What’s the Right Way to Create a Questionnaire, Part 2—The Questions
In this piece we’ll be describing the basic question types used in questionnaires, and their special traits.
Question Types Used in Questionnaires
A questionnaire is a data collection method used in quantitative research. It utilizes questions that describe a particular research problem. To compose an effective questionnaire, you need to know the different types of questions and their specifics.
Basic Question Types:
Open questions primarily include those where only a text answer is offered. They are made for use in analyzing special answers that can only be expressed in words.
Semi-closed questions are appropriate when you need to obtain both a specific answer and a text answer. The text answer is usually defined as a separate answer at the end of a list. Respondents pick it if none of the other answers suit them.
Closed questions do not offer a chance to specify an answer using a text description. Closed questions include special question types that are useful for exploring variables with a specific set of possible properties.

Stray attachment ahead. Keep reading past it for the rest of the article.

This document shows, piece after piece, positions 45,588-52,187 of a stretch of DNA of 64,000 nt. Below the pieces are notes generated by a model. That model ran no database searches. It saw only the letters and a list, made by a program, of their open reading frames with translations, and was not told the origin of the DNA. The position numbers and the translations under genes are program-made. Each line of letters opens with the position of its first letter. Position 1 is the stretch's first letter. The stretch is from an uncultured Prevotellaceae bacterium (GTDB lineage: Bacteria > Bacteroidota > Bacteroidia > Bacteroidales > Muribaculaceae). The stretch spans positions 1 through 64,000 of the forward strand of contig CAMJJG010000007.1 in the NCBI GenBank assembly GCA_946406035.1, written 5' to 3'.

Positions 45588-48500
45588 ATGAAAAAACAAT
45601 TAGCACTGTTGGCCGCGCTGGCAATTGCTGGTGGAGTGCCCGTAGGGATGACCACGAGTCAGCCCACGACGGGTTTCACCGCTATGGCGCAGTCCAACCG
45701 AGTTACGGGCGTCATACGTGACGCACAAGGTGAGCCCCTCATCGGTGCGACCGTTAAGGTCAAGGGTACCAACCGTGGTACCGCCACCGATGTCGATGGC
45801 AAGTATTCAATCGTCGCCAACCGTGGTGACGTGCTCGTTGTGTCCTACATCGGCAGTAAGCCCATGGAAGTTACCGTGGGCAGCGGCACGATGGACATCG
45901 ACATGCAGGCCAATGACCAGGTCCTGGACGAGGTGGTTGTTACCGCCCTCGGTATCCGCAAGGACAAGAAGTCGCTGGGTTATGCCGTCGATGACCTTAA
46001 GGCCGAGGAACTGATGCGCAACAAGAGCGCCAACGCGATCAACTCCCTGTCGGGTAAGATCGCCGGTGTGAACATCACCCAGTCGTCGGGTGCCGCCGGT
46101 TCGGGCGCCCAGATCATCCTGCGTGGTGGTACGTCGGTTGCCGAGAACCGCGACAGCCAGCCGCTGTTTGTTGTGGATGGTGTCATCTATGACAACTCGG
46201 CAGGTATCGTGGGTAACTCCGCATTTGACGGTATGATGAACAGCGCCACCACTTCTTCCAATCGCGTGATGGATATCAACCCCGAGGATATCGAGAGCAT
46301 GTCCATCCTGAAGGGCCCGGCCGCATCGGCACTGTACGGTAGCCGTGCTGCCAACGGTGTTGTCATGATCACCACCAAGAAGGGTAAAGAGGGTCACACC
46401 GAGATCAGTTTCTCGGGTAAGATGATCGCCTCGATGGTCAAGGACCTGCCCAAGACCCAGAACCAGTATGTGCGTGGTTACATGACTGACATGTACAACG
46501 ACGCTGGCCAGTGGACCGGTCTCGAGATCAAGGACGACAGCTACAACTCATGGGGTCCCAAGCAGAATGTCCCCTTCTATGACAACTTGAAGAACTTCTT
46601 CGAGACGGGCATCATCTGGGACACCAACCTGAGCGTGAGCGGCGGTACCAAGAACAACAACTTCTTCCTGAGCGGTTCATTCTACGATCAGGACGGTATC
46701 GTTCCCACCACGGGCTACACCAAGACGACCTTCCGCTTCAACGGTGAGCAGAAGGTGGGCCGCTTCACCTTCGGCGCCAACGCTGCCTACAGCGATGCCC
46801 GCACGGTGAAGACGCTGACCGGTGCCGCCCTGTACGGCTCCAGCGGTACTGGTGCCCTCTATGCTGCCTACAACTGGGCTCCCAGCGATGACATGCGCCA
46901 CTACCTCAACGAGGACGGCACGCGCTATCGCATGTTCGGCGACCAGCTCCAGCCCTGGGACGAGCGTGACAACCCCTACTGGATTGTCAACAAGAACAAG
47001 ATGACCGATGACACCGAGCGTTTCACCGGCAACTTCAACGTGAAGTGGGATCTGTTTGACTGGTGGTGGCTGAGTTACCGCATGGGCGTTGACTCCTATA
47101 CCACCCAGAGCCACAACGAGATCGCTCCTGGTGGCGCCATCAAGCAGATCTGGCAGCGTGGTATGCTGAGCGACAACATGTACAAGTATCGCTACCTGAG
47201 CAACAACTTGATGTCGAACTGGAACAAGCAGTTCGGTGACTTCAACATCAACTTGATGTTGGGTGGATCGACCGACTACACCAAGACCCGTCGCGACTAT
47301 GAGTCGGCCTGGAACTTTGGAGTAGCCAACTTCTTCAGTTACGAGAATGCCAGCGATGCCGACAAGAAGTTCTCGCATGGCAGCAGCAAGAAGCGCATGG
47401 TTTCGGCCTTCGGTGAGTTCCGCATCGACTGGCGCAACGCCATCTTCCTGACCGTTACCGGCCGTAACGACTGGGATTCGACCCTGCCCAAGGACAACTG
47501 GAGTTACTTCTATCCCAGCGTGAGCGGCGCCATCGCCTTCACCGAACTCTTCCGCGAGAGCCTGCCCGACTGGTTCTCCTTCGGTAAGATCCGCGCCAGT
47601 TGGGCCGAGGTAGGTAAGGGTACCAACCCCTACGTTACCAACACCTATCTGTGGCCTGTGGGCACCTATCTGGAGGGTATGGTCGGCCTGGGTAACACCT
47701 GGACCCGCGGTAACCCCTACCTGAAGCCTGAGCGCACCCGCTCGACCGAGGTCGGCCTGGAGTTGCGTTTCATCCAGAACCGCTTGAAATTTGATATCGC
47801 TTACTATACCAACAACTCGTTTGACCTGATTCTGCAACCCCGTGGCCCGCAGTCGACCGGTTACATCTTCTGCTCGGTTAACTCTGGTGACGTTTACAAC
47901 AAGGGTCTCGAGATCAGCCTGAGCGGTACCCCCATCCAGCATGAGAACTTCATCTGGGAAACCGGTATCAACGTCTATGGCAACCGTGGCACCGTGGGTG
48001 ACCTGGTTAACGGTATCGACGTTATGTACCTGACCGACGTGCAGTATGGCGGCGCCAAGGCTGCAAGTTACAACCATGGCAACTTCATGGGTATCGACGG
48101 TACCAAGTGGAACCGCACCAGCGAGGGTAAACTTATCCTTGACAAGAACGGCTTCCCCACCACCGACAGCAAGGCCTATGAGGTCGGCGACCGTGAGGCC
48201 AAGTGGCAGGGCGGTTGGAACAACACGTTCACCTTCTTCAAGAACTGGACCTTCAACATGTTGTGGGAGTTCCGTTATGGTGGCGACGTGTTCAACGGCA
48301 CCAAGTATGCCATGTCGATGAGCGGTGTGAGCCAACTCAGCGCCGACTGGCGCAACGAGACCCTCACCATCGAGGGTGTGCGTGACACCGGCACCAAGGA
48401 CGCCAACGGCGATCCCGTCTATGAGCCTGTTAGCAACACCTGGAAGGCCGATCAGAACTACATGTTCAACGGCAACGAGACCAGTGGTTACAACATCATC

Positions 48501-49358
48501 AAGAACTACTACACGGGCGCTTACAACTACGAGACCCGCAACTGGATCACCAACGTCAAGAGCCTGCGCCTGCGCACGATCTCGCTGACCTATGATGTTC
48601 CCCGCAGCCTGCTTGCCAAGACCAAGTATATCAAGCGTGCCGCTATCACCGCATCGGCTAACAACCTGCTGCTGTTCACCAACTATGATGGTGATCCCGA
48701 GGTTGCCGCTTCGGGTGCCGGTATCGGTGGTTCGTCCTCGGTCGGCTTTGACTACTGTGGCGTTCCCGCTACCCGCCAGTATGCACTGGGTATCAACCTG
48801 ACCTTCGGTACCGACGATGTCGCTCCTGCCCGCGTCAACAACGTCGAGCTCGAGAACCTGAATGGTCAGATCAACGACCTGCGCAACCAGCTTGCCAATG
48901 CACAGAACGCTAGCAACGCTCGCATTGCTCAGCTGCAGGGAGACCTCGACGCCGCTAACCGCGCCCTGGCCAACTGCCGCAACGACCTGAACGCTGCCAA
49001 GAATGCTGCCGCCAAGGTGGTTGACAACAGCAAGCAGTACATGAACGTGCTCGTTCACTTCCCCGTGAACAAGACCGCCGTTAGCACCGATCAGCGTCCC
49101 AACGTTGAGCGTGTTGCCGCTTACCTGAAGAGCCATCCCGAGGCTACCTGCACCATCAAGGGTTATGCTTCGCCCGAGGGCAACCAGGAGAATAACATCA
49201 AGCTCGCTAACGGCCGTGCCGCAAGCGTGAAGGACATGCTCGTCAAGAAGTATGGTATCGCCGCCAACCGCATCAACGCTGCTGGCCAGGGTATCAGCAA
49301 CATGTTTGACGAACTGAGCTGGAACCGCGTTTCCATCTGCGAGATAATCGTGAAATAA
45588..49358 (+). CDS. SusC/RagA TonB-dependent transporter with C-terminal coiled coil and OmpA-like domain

Special Question Types
The most common special question types are certain forms of closed and semi-closed questions. They are special in that they let you capture respondents’ answers in the form of various variables (we advise on how to define variables in a separate article). Special question types include:
- Likert scales
- Item lists
- Item ordering
- Question grids
Closed dichotomous questions are those with only two answers. They serve for unambiguously distinguishing some trait, experience, or opinion of each respondent.
Likert scales are useful for studying and measuring respondents’ stances. They are most often used for determining respondents’ levels of satisfaction or agreement.
Item lists are a type of closed question where respondents are offered multiple answers, out of which they can pick one or more options.
This question type is used for ordering answers by the importance that a respondent places upon them. Generally they are ordered via numbers or by moving the individual answers themselves.
Question grids are among the largest questions. They cover multiple parameters in a single block. Question grids are useful when you need to obtain multiple answers about the same variable.
In a separate article, we describe how to create high-quality, effective questionnaires that are easy for respondents to handle.
- Respondent – a survey participant who answers questions
- Variable – a property that you are measuring, which can be expressed via specific values
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